• You can only be in a christmas bubble
  • You can’t change your christmas bubble
  • You can travel between levels and UK nations for the purposes of completing your Christmas bubble
  • You can only meet your Christmas bubble in private homes or in your garden, places of worship or public outdoor spaces
  • You can not meet anyone in private accommodation that is not part of your house or Christmas bubble

Pedestrians walk under the Christmas lights on Oxford Street, central London, on 17 November 2020.

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Also, you can only keep meeting people who are not in the Christmas bubble in your house where you are staying.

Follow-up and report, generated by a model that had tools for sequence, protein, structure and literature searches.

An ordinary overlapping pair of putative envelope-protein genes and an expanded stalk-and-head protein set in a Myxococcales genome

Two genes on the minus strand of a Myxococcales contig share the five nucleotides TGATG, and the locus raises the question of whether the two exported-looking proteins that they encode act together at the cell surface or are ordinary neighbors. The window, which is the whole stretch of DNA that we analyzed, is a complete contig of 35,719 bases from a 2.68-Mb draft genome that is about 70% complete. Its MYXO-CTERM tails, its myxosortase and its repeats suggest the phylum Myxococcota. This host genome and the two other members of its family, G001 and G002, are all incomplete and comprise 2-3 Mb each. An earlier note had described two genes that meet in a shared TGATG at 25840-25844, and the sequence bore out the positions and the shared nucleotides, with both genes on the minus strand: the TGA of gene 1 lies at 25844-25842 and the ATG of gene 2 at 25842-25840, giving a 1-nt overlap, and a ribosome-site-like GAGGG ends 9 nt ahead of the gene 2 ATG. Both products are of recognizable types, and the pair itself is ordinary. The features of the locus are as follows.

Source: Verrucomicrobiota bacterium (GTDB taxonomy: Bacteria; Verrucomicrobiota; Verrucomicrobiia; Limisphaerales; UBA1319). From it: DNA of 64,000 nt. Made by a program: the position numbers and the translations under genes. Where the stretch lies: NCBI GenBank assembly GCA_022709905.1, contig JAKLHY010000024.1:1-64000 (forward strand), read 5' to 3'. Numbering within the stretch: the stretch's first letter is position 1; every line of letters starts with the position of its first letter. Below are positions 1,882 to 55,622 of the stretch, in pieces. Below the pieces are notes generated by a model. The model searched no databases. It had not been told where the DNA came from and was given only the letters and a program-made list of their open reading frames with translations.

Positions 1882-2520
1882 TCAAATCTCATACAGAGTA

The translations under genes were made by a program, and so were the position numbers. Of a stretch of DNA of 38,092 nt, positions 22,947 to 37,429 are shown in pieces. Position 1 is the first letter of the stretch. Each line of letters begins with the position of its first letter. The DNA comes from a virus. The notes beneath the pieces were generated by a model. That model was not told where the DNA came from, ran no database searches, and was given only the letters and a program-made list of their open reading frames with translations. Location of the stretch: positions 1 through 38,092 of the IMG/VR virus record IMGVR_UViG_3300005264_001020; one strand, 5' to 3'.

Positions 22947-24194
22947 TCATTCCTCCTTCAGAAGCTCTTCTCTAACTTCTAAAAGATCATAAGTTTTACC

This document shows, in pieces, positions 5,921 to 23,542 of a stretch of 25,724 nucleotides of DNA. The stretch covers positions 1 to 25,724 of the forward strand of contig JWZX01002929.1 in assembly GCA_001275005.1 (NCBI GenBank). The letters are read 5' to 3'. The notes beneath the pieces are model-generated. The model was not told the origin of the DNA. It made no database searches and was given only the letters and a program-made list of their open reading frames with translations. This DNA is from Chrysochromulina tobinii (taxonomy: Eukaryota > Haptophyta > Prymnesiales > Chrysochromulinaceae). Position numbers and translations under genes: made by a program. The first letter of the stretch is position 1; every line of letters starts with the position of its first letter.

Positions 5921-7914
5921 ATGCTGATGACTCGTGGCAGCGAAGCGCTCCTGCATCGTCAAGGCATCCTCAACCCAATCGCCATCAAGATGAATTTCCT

After a month-long lockout was lifted on 2 December, England would return to a tedious system, in which the transition rate in that region would determine the severity of restrictions on social ceremonies. Non-essential shops will be allowed to reopen in all levels from 2 December, as well as gyms, hairdressers and churches. Whether pubs, bars and restaurants are allowed to accept customers will depend on the tier they are serving.


On Tuesday, France’s President Emmanuel Macron unveiled the Christmas ban, which will take place in France, where a second national lockout will begin from Saturday after shops are allowed to reopen.

Then, from 15 December, the lockout will be further elevated in France, if health conditions permit. This could allow people in France (who could not leave their homes without special reason under lockdown, to shop for food, for example) to be able to travel around the country and see family and friends .

Theaters and theaters will be allowed to reopen on 15 December, although bars, restaurants and gyms will remain closed until after January.